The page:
Fortunately, he says, Intel will be able to leverage its near-threshold voltage circuitry research, some of which was funded under UHPC (Ubiquitous High Performance Computing), DARPA’s now defunct exascale program. Shekhar Borkar, who was the PI for the UHPC work, along with Seager and former IBM’er Al Gara, will be heading up the FastForward work at Intel.

For the exascale memory subcontract, Intel will be leveraging its work with Micron Technology on the Hybrid Memory Cube. The idea is to use similar technology to incorporate 3D stacks of memory chips into the same package as the processor. In-package integration shortens the distance considerably between the processor and the memory, which significantly increases bandwidth and lowers latency. At the same time, cache management is going to be redesigned to optimize the power-performance of memory reads and writes.

Like Intel, AMD will be basing its FastForward processor research on a current design, in this case the company’s APU (Accelerated Processing Unit) product line and the related Heterogeneous Systems Architecture (HSA) standard — that according to Alan Lee, AMD’s corporate vice president for Advanced Research and Development. The current crop of APUs, which integrate CPUs and GPUs on-chip, are aimed at consumer devices, such as laptops, netbooks, and other mobile gear. But AMD has designs on extending its heterogeneous portfolio into the server arena, and the DOE just gave them about 12 million more reasons to do so.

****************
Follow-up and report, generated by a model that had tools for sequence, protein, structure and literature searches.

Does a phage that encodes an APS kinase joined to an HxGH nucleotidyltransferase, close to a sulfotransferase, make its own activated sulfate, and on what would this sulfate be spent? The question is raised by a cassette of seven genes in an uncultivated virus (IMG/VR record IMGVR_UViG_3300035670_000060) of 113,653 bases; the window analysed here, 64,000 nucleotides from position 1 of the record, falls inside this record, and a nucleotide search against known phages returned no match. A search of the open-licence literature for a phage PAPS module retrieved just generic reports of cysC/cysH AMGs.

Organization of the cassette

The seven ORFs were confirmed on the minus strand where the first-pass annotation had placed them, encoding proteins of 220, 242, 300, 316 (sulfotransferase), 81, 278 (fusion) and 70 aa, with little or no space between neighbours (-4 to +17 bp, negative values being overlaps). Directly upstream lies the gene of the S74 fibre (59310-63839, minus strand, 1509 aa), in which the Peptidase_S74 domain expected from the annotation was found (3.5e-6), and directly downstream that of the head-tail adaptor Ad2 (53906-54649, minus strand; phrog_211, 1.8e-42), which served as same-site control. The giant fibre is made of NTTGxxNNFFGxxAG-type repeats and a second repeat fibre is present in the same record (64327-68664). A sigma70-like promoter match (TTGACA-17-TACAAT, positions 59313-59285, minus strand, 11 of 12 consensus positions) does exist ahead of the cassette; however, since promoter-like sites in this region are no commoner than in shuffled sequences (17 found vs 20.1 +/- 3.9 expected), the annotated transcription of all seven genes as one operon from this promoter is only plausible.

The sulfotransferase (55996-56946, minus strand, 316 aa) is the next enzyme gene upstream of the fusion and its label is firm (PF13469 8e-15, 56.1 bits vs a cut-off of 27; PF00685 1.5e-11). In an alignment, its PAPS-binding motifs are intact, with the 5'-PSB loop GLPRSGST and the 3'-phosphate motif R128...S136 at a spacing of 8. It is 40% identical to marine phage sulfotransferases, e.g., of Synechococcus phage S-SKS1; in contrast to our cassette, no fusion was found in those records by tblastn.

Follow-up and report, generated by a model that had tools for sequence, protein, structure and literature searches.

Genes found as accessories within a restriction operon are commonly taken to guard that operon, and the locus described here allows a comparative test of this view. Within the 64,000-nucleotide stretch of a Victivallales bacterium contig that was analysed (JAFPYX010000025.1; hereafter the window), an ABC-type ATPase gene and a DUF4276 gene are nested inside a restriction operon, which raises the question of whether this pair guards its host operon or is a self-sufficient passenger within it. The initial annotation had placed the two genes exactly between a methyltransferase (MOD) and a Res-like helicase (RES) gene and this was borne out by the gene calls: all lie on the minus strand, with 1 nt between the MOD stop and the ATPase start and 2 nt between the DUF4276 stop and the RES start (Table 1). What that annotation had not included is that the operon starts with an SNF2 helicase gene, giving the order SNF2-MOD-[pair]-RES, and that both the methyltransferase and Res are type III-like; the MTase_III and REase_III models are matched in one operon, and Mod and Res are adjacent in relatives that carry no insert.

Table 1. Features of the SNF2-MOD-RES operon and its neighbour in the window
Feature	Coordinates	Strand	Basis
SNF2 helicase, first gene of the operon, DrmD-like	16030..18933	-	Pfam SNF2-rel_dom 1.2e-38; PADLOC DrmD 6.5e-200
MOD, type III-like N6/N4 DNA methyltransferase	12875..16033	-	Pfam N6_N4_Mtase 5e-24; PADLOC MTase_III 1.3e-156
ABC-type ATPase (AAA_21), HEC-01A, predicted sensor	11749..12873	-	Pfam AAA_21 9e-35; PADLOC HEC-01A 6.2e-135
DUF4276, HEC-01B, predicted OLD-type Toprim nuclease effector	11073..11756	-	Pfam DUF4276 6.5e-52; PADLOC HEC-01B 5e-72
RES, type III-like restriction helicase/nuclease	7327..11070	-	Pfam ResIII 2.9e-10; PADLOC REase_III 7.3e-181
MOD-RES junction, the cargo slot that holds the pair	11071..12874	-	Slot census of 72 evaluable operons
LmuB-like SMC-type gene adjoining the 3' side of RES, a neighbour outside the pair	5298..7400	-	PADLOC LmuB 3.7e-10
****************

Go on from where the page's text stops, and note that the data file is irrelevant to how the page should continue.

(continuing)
Since AMD first needs to transform their APU into a server design, the chipmaker has a somewhat different, and perhaps longer path to exascale than Intel, which is at least starting with server-ready silicon. On the other hand the MIC architecture is not heterogenous (and may never be), so AMD does have a certain advantage there. “That is the truly unique technology and the strongest one that AMD brings to bear — that we have a world-class CPU and GPU brought together in a single APU,” says Lee.

Lee was less forthcoming about the starting point for the memory research under the FastForward work, other than to say it would be optimizing the technology around its heterogeneous architecture and would involve high-speed interconnects as well as different types and arrangements of memory.

More than anything, Lee sees this R&D work as producing dividends in other areas of AMD’s business. He says the fundamental technologies that the DOE wants for exascale are those the computer industry needs, not just in the future, but right now, referring to the big data domain, in particular. “I expect that a lot of the technology that you see us develop has the potential to make it into a variety of different server products of different genres,” says Lee.

To counterbalance the Intel and AMD work, is NVIDIA, which will be using the company’s Echelon design as the starting point for its FastForward work. Echelon, which was also funded under DARPA’s UHPC program, is based on a future 20-teraflop microprocessor that integrates 128 streaming processors, 8 latency (CPU-type) processors, and 256MB of SRAM memory on-chip. The technology is in line to follow Maxwell, NVIDIA’s GPU architecture scheduled to take the reigns from Kepler in a couple of years. Unlike the Intel and AMD efforts, NVIDIA’s contract is for processor technology only, although the Echelon design also specified an exascale-capable memory subsystem.

While the DOE spread its bets around for the FastForward processor- and memory-based research, there was only one storage subcontract awarded. That went to Whamcloud, who in conjunction with EMC, Cray and HDF Group, got the nod to provide the R&D work for storage and I/O.

The work specifies bringing object storage into the exascale realm, and will be based on the Lustre parallel file system technology. As a result, any development in this area will be open sourced and be available to the Lustre community.